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The importance of taking time out to check your code and html markup

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The importance of taking time out to check your code and html markup
Photo by Pawel Czerwinski on Unsplash

I am noticing more and more that developers, new and experienced, rush to get their code deployed or sent for review, etc., and don't check their code carefully before doing so. As a result, silly errors, which could cause not so silly issues, are overlooked. This means sloppy code.

It is so important to check your code as you go along. JavaScript linters such as ESLint for VS Code (that is the editor I use, for example), Prettier Formatter for VS Code for JavaScript code formatting are helpful and important to have, but oftentimes, the errors reside in the html! It is equally important to check for errors in the html markup. There are three VS Code extensions I find extremely helpful in checking for errors in html markup:

  • HTMLHint VS Code extension by Mike Kaufman
  • Code Spell Checker extension by Street Side Software
  • Highlight Matching Tag extension by vincasIt

HTMLHint is a static code analysis tool for HTML. The way it works is that errors in HTML files are highlighted with squiggly lines and you can hover over the squiggly lines to see the error message. HTMLHint will only analyze the currently open HTML file, and does not search for HTML files to analyze within your project folder.

Code Spell Checker is a spelling checker for source code. It also works well with camelCase code.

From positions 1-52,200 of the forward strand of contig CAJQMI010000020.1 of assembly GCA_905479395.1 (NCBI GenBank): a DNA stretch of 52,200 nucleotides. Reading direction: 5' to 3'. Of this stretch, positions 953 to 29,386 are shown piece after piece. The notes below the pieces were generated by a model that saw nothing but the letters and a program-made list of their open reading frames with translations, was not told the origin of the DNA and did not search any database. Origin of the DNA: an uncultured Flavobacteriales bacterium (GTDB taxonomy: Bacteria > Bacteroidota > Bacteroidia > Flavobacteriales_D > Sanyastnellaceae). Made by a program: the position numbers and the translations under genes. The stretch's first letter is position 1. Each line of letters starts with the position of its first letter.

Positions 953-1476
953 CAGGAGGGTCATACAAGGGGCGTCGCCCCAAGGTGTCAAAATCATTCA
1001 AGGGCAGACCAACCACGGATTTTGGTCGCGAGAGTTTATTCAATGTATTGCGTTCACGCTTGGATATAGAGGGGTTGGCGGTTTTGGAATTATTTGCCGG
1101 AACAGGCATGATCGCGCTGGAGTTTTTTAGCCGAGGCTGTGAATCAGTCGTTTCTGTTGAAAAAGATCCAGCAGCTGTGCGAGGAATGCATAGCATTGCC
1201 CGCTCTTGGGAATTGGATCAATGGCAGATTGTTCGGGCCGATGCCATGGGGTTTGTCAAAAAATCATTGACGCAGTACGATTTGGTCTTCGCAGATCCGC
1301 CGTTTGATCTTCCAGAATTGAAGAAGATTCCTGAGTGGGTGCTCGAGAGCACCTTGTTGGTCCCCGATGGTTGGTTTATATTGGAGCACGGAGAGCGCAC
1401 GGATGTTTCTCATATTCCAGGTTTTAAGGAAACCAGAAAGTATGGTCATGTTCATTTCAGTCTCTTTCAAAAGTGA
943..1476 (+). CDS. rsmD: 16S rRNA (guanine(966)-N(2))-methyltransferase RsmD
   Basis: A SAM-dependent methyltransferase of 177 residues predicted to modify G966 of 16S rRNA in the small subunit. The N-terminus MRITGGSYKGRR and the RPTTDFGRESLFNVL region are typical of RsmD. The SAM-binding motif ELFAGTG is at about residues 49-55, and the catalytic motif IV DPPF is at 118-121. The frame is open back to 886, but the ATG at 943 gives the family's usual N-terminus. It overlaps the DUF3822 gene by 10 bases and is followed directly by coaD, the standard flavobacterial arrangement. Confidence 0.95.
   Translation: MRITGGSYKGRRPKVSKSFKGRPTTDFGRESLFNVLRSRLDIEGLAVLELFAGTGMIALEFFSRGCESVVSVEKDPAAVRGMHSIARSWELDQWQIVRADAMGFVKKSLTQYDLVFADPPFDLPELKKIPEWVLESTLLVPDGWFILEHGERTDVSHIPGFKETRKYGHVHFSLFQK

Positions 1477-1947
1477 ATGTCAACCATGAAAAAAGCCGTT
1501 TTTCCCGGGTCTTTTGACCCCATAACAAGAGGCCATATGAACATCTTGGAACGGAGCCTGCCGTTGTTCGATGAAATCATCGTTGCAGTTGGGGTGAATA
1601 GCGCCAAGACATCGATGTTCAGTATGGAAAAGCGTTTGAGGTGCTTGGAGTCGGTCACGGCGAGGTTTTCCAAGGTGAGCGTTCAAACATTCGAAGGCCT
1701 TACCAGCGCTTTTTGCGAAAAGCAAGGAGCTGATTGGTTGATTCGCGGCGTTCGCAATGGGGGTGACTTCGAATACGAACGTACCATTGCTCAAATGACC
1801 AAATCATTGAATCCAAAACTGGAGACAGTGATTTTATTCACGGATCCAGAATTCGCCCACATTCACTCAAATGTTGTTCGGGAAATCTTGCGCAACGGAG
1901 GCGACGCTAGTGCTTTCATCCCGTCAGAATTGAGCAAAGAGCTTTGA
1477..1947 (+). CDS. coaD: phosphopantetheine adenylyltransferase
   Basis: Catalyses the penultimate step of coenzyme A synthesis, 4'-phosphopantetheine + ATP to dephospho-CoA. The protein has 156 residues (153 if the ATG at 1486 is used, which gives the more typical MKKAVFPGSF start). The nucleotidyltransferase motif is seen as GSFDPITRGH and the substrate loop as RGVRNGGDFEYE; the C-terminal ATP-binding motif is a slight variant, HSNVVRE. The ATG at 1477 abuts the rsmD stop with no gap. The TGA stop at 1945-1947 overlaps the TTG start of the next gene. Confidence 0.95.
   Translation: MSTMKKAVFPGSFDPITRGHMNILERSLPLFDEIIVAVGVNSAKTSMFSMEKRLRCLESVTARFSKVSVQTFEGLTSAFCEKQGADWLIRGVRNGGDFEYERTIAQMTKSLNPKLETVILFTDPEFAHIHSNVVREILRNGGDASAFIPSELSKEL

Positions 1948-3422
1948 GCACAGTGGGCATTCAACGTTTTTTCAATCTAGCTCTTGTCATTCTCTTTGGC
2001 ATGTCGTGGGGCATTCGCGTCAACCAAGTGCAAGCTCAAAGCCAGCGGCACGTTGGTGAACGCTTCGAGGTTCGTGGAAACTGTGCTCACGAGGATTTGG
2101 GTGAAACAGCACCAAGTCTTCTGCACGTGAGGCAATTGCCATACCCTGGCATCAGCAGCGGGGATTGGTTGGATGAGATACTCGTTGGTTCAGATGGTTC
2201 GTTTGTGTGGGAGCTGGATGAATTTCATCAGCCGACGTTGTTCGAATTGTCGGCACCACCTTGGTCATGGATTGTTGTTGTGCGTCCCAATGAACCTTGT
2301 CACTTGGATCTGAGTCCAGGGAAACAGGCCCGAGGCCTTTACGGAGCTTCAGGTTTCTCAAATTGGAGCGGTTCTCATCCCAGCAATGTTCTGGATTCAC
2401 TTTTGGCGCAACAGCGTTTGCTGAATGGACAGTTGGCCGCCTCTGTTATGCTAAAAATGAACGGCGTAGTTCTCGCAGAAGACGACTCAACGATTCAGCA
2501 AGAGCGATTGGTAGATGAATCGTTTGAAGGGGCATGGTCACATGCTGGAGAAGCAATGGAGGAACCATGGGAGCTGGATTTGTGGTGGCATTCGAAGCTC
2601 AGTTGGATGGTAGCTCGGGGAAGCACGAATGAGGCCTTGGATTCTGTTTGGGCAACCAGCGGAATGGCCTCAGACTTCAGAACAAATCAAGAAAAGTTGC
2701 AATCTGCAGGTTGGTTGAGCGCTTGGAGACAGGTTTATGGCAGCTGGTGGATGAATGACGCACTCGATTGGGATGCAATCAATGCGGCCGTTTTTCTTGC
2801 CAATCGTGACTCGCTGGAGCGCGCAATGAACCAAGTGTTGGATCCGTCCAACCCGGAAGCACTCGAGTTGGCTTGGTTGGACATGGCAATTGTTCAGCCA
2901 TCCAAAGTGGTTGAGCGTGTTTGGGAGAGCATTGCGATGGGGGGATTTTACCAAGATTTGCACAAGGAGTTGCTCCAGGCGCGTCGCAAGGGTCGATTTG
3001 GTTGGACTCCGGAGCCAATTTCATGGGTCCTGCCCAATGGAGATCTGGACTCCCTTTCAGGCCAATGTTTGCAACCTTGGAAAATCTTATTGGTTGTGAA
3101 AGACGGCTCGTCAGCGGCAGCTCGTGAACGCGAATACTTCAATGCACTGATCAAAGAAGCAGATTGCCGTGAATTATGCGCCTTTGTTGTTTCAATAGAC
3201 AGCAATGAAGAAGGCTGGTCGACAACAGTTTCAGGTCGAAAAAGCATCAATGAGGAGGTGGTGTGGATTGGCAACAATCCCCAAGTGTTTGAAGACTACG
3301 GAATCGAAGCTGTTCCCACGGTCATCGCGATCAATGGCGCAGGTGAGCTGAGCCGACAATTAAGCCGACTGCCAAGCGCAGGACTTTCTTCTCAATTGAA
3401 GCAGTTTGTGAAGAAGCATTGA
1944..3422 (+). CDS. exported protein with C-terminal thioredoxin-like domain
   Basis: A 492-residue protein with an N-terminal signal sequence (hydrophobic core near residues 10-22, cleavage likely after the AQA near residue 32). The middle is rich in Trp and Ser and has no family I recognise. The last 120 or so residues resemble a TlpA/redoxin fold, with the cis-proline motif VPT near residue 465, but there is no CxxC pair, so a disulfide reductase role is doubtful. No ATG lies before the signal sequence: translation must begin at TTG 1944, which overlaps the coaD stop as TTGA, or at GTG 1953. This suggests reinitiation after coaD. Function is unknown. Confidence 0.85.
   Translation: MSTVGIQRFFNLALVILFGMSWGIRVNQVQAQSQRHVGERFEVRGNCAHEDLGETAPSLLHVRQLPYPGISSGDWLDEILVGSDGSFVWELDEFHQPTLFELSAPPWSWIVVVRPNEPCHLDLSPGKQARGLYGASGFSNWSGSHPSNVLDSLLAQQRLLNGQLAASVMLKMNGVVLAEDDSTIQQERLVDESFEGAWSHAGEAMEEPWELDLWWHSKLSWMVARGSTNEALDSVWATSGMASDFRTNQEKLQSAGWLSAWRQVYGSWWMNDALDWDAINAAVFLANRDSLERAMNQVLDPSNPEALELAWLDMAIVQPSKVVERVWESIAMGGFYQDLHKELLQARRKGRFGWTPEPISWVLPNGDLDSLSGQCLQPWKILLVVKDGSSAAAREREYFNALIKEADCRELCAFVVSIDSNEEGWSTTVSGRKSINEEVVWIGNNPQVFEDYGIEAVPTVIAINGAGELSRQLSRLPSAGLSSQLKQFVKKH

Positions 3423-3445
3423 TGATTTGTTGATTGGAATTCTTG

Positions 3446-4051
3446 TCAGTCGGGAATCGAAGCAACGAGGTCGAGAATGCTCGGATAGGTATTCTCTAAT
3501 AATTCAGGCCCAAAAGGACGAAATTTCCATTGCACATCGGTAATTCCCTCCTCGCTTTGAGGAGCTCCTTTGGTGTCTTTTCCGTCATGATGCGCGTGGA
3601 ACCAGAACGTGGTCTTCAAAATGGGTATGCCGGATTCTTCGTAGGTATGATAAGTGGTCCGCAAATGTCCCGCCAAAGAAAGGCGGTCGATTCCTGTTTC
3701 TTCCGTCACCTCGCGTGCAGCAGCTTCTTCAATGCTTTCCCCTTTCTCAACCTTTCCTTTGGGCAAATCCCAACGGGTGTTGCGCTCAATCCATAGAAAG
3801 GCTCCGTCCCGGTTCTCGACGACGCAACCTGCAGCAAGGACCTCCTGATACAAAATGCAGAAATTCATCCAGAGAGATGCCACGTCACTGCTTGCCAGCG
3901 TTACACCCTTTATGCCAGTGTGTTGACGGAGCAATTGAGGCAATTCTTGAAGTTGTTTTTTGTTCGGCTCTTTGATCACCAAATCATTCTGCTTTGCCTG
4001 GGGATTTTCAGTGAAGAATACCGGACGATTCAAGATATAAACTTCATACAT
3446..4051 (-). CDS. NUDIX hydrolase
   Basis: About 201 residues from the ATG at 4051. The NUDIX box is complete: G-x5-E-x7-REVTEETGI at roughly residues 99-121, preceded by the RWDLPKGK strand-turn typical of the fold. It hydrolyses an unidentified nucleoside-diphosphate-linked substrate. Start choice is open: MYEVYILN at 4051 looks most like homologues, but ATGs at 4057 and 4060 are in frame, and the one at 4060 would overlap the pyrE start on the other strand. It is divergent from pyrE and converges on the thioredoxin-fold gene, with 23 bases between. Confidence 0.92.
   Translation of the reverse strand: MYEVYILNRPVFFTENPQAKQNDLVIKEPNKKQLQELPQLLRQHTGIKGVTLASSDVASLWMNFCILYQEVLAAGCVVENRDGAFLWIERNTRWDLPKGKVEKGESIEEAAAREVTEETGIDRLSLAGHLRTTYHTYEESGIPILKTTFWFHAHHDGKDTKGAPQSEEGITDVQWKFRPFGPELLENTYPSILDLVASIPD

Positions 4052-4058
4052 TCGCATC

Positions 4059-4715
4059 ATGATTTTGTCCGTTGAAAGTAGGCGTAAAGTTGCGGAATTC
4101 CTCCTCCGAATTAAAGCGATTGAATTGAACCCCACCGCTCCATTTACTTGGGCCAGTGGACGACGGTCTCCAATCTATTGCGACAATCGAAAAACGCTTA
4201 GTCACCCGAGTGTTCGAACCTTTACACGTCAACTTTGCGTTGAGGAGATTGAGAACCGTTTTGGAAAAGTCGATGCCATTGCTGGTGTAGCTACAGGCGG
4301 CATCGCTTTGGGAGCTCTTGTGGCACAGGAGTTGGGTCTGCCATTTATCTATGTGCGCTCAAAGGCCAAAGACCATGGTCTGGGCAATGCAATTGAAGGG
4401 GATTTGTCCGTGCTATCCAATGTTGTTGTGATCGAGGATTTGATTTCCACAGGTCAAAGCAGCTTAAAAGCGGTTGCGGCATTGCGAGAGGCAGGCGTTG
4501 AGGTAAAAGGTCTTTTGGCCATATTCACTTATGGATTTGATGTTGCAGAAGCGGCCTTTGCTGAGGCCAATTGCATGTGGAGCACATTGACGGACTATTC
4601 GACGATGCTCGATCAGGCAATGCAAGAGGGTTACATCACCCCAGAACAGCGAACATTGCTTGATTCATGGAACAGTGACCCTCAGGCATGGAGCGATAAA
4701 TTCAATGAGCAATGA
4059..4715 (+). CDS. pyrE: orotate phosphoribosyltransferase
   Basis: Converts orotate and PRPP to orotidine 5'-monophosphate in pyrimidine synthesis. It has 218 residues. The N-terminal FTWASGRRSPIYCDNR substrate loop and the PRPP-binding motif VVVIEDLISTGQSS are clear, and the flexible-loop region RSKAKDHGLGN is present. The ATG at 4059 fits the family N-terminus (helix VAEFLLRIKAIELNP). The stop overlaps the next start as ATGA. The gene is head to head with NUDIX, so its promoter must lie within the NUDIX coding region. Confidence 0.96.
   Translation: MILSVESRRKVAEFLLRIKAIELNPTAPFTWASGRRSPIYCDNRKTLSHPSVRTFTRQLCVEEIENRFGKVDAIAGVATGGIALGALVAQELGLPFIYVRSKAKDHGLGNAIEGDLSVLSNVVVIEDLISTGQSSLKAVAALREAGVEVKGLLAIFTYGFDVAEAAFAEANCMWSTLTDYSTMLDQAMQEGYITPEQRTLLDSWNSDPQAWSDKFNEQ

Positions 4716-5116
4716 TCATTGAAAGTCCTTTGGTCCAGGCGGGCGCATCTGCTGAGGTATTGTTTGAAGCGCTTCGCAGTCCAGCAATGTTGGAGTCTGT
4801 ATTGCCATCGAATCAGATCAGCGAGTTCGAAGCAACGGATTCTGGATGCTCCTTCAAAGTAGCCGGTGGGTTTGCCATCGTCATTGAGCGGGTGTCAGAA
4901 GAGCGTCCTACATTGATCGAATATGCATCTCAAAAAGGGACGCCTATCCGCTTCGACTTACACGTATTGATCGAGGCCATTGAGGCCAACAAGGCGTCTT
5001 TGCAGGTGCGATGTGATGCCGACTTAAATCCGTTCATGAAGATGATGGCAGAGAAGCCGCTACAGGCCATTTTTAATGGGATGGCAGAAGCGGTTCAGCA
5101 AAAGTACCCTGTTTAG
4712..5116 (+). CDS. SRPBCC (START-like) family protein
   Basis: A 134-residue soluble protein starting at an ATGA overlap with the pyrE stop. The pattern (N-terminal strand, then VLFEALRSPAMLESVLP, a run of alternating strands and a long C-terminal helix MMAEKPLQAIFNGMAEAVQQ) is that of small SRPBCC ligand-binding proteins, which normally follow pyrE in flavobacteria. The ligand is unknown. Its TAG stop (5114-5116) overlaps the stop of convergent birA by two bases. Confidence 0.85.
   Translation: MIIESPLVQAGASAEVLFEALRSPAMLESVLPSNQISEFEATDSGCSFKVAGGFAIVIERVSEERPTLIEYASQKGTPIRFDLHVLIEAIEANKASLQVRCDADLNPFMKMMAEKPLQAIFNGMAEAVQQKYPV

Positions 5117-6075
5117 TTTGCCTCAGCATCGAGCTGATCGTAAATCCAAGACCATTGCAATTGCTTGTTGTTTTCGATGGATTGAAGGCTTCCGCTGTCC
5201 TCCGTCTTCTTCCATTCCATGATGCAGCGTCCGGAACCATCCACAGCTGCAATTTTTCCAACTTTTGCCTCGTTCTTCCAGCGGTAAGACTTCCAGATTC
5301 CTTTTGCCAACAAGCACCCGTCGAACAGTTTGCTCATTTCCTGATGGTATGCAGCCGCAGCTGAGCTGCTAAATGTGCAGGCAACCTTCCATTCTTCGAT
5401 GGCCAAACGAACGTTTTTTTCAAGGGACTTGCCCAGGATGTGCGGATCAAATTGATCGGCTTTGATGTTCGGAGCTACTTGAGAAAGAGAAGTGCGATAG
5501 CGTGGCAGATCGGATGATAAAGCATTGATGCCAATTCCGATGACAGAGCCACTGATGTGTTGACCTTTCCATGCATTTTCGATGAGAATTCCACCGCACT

Highlight Matching Tag highlights opening or closing matching tags. This extension will try to match from anywhere: tag attributes, from inside strings, any file, while also providing extensive styling options to customize how tags are highlighted.

These extensions are especially useful when the code base/html markup becomes very large, and it would become very difficult to find errors without them!

When you are working on a project, take the time to check for errors after creating your code or html markup, and use tools such as these three plugins, along with the EsLint (dbaeumer.vscode-eslint) extension for VS Code by Dirk Baeumer, and Prettier Code Formatter extension for VS Code by Esben Petersen. Those few extra minutes you take to check your code will save you much time and aggravation in the long run. Things can get very sticky when you are going through thousands of lines of code or html markup!

I will be embedding this episode of Plugging in The Holes along with a transcript in the form of a post on for your hearing and reading pleasure. I will be including the related resource links mentioned in the podcast of course. Always do. Bye for now!